Mike Francesa

WFAN host Mike Francesa was off the air Thursday, and he says he had a pretty good reason why. Francesa returned to the air Friday to say he missed Thursday’s show (and a planned road trip to broadcast from Cleveland, the site of the Yankees-Indians American League Division Series) thanks to food poisoning that had him vomiting all day. Here’s the clip, via Funhouse:


“I apologize for not being there yesterday, I was planning to go to Cleveland, and I don’t know, just got unlucky. I got food poisoning on Wednesday night and for 12, 14 hours, there was nothing I could do except be throwing up. And in one day it’s gone, hopefully gone, it feels like it is. I don’t know where it came from, it was just an unlucky occurrence, but it kept me from having to make a trip to Cleveland, which I was all, I had already made reservations, hotel, plane, and everything, and I had already sent Monz (producer Brian Monzo) ahead, so it was not a good situation, but nothing could be done about it. So we’re back today.”

That’s certainly unfortunate, and it’s good to hear that Francesa is feeling better. It’s also good to have him back so he can return to his “I never said that!” ways. One of the stars of the MLB postseason so far has been the Astros’ Jose Altuve, who became just the ninth player in MLB history to hit three home runs in a postseason game Thursday. (He then had two hits and two walks through seven innings Friday.) Last summer, caller Jeff in Newburgh asked Francesa if he didn’t think Altuve was one of the best players in the game, and Francesa said Altuve hit too many doubles (?!) and didn’t score enough runs.


“I’m not knocking him, but don’t tell me he’s one of the best players in baseball, because he’s not. He’s not one of the best players in baseball. Cano is, because Cano scores 100 runs and knocks in 100 runs. Altuve scores 80 runs and knocks in 50 and gets his 200 hits. Cano’s one of the best players in baseball, not Altuve. There’s a difference. Altuve’s a nice player. Cano’s a star. Big difference, I hope. Maybe you learned something. I hope.” He then cuts off the caller by going “Ohlalalalalala.”

On Friday, Tim in Milford called in in the wake of Altuve’s three-home-run performance, and Francesa insisted he never said what he said about Altuve “two years ago.”


“When we discussed that two years ago, Altuve was a guy who had a very low on-base percentage and hit no home runs. Since then, he has become a guy who hit 25 home runs and raised his OPS 200 points. When he had a .750 OPS, he was not a great player. When he has a .980 OPS because his on-base percentage is now .420, he is a different player. He is a completely different player the last two years. His OPS has gone up 200 points. Just like Daniel Murphy, he became a power hitter and he became very selective and he got on base a lot. Now he’s got a high on base and he’s hitting home runs. He’s a different player.”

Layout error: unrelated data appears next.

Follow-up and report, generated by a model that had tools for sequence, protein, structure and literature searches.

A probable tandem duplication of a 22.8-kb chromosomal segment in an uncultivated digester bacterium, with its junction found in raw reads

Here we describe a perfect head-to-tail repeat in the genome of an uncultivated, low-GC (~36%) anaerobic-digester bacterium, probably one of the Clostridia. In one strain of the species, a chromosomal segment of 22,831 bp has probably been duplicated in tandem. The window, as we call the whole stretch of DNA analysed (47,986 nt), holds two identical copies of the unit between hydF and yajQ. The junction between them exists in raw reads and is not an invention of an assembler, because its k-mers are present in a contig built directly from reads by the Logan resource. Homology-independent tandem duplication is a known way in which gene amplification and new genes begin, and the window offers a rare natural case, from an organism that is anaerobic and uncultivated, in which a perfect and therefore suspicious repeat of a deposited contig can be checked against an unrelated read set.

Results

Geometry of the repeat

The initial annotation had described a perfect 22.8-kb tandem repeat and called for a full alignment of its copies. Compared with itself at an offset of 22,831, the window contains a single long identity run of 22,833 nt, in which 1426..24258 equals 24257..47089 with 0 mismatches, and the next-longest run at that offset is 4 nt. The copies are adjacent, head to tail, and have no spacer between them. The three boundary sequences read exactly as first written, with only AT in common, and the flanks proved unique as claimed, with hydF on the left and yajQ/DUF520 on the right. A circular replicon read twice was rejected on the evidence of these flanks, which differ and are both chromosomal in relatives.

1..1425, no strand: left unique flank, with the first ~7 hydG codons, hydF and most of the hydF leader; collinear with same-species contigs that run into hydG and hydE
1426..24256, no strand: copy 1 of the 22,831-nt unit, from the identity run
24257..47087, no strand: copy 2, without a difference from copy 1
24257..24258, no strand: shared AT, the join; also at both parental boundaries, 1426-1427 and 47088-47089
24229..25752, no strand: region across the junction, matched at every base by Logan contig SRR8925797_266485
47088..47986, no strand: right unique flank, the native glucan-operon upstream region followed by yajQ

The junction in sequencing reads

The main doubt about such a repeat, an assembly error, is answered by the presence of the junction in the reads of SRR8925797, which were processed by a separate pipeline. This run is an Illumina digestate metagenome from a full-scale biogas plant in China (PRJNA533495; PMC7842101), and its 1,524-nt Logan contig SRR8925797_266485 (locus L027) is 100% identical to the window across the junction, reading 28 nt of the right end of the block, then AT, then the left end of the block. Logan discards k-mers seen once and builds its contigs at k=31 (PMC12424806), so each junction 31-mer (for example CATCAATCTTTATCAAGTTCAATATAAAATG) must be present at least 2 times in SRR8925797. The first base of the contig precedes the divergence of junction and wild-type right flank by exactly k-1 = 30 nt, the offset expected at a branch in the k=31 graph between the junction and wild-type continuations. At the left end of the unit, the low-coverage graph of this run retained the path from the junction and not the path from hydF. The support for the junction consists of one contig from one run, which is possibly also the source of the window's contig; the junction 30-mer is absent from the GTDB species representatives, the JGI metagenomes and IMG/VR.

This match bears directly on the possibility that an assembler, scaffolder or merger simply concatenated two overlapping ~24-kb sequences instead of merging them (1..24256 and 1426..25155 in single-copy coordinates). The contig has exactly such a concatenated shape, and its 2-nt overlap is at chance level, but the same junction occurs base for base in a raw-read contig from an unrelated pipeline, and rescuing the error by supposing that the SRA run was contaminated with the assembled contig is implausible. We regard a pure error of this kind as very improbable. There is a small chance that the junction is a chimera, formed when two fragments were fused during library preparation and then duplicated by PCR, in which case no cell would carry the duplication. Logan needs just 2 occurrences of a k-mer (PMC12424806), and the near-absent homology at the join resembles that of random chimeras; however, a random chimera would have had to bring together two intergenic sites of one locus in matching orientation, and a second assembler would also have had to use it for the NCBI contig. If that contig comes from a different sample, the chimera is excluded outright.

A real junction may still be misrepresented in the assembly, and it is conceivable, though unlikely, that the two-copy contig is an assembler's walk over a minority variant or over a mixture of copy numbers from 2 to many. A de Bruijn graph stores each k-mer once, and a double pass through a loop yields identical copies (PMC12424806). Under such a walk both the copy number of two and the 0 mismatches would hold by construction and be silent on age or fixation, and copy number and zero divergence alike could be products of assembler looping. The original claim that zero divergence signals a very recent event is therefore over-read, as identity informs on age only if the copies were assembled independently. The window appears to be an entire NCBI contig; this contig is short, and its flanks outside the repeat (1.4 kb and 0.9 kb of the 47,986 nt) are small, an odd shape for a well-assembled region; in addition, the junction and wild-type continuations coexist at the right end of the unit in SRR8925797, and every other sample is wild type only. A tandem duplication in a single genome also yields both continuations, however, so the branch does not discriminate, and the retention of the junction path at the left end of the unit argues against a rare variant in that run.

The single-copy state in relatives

There are a bunch of factual problems with this, though. For one thing, Altuve has never had a season-long .750 OPS; the closest was his .740 in 2012. In 2015, when Francesa claims he had this take, Altuve’s OPS was .812. His OBP was .353. And he hit 15 home runs. In 2016, when Francesa actually had this take, Altuve had an OPS of .928 and an OBP of .396, and he hit 24 home runs. He also finished 10th in AL MVP voting in 2015 and third in 2016, so “one of the best players in baseball” isn’t farfetched. And while Altuve has been even better at the plate this year (a .410 OBP with a .957 OPS and 24 home runs), it’s not like this came out of nowhere the way Francesa claims (especially considering that Francesa bashed him last year, when Altuve was already well on his way to a high-OBP, high-OPS season).

And comparing Altuve to Robinson Cano is interesting, especially considering that Francesa only used flawed counting stats that have a lot to do with teammates (runs scored and RBIs). Francesa’s current logic with OBP and OPS makes more sense, but that wasn’t really his past argument, especially considering that he made this argument in 2016. And what if we use wins above replacement? Cano was worth 7.3 WAR last year according to Baseball Reference, but just 3.4 in 2015 and 2017. Altuve was worth 4.2 in 2015, 7.8 in 2016 and 8.1 this year.

Francesa isn’t wrong that Altuve has become a better player, but that change since 2016 (when he was already pretty dominant) isn’t that huge. While the change since 2015 is larger, Altuve was still a solid player (and arguably better than Cano) even then. But all analysts are wrong from time to time, and players do change. The funnier part here isn’t that Francesa was wrong, it’s how far (in keeping with his usual approach) he’s willing to go to insist he wasn’t:


Welcome back, Mike. We’re glad to be again able to keep track of your defenses of things you never said.

[Funhouse on Twitter]

About Andrew Bucholtz

Andrew Bucholtz has been covering sports media for Awful Announcing since 2012. He is also a staff writer for The Comeback. His previous work includes time at Yahoo! Sports Canada and Black Press.